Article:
Environmental Sciences Degree (Sc.B.)
The Environmental Science degree is intended for students who have a strong interest in science and a concern for the environment. In common with other ScB concentrators, it is important for an Environmental Science concentrator to begin to meet the requirements of the concentration as soon as possible, and early consultation with one of our ESci Coordinators (Stephen Porder, Jack Mustard and Dov Sax) is encouraged. The nineteen courses required for the ScB in Environmental Science include: eight environmental core courses, three basic science courses, six focal courses and two thesis courses. Remember that these are minimum requirements, and that many concentrators will want to supplement this minimum with additional courses to strengthen their concentration.
Environmental Core Courses
Environmental Science concentrators must complete the following courses:
- ENVS0110 or equivalent (equivalents could include GE0l0070B Global Envtl Change, ES0070A, Environment and Society or a similar course from transferring institution depending on the student’s situation. Substitution requires approval of the concentration advisor. A score of 5 on the AP exam can be used to satisfy ES11 or ES49 with permission of the concentration advisor.)
- Competence in statistics (e.g., PHP2030, APMA1650, PSYC0090). Familiarity with statistics is essential to the interpretation and evaluation of data. All concentrators are expected to acquire a working knowledge of probability and statistical tests and how to employ them. Courses that will fulfill this requirement include:, BI/C213, AM165 and AM34.
- All Environmental Science concentrators must take ESVS1920, Analysis and Resolution of Environmental Problems, a project-based seminar also required for the Environmental Studies degree. A local environmental problem that has strong science and policy components will be the focus of this class, and the class members will work in teams to address different aspects of the issue. This class is best taken in the Spring of the junior year, and should no case be taken in a student's final semester, since one purpose of the seminar is preparing for thesis research. Another purpose is to bring both Studies and Science concentrators together, so that they can share their expertise and interests.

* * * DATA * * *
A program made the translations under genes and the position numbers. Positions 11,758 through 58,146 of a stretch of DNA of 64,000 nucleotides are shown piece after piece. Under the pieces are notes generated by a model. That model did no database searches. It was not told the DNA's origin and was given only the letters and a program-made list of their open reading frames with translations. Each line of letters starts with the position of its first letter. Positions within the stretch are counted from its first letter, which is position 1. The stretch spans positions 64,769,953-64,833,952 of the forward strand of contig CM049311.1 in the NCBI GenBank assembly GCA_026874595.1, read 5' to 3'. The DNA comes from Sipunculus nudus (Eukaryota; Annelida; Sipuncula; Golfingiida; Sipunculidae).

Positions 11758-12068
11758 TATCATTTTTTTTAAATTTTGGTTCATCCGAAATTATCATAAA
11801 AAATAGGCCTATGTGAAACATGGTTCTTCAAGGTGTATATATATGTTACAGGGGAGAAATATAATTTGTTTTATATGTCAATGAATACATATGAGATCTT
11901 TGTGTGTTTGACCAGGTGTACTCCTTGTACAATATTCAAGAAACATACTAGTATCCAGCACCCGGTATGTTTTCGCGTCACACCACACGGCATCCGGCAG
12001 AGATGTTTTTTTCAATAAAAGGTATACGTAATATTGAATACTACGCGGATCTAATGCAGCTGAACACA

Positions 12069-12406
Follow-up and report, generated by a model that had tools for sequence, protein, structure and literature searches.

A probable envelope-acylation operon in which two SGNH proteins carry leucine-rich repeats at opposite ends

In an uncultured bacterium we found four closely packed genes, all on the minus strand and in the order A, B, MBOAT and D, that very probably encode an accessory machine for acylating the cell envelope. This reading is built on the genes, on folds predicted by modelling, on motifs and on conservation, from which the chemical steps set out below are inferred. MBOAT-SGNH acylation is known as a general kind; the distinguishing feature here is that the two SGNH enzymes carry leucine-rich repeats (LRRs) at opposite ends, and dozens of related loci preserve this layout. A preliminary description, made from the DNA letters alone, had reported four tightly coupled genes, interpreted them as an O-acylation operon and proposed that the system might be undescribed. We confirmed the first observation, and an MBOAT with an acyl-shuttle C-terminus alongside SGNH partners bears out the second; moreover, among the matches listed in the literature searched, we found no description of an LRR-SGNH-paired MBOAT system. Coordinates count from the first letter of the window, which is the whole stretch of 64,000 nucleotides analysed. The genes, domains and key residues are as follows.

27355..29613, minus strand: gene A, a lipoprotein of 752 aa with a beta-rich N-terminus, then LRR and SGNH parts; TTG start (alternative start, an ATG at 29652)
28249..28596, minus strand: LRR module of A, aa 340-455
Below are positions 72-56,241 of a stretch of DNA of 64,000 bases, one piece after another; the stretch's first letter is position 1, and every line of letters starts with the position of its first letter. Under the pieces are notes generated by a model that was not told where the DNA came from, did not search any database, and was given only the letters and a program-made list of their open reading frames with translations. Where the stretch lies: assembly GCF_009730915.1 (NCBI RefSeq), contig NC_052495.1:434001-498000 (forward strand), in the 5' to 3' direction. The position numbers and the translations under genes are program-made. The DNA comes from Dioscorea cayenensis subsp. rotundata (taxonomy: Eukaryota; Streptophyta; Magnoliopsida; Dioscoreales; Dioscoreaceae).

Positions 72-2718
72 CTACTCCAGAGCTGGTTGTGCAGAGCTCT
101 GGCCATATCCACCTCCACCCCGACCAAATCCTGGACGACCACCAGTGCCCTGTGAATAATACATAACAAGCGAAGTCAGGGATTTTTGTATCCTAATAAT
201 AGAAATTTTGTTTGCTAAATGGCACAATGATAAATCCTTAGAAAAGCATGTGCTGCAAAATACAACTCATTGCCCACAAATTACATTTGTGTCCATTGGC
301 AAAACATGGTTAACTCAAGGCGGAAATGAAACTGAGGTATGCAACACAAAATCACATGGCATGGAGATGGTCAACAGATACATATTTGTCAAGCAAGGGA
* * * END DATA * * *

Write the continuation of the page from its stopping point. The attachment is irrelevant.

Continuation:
- Three intermediate level environmental science courses appropriate to the student's focus, e.g.,
- ENVS0490, Environmental Science
- BIOL0420, Principles of Ecology
- GEOL0220, Physical Processes in Geology
- Environmental Science concentrators must complete two intermediate level non-science courses appropriate to the student's focus, such as:
- ENVS0510, International Environmental Policy
- ENVS1350, Environmental Economics
- ENVS1350, Environmental Economics
- ENVS1410, Environmental Policy and Practice
- HIST1790, North American Environmental History
Basic Science Courses
Environmental Science concentrators must demonstrate competence in chemistry and mathematics. This is normally satisfied by completing at least three courses drawn from the following areas:
Mathematics is a cornerstone of the sciences. Students are expected to study one year of mathematics, which will generally involve study of the calculus, typically MA9-10, or for those with appropriate background, MA17-18.
Some background in chemistry is essential for students of environmental science. All students are expected to develop an understanding of chemistry at least equivalent to one year of General Chemistry. CH33 is a semester-long course requiring a placement exam before admittance. Additional study at the introductory level would include organic chemistry (CH35-36) which is required for more advanced courses in biochemistry (BI127), inorganic chemistry (CH50), or physical chemistry (CH114).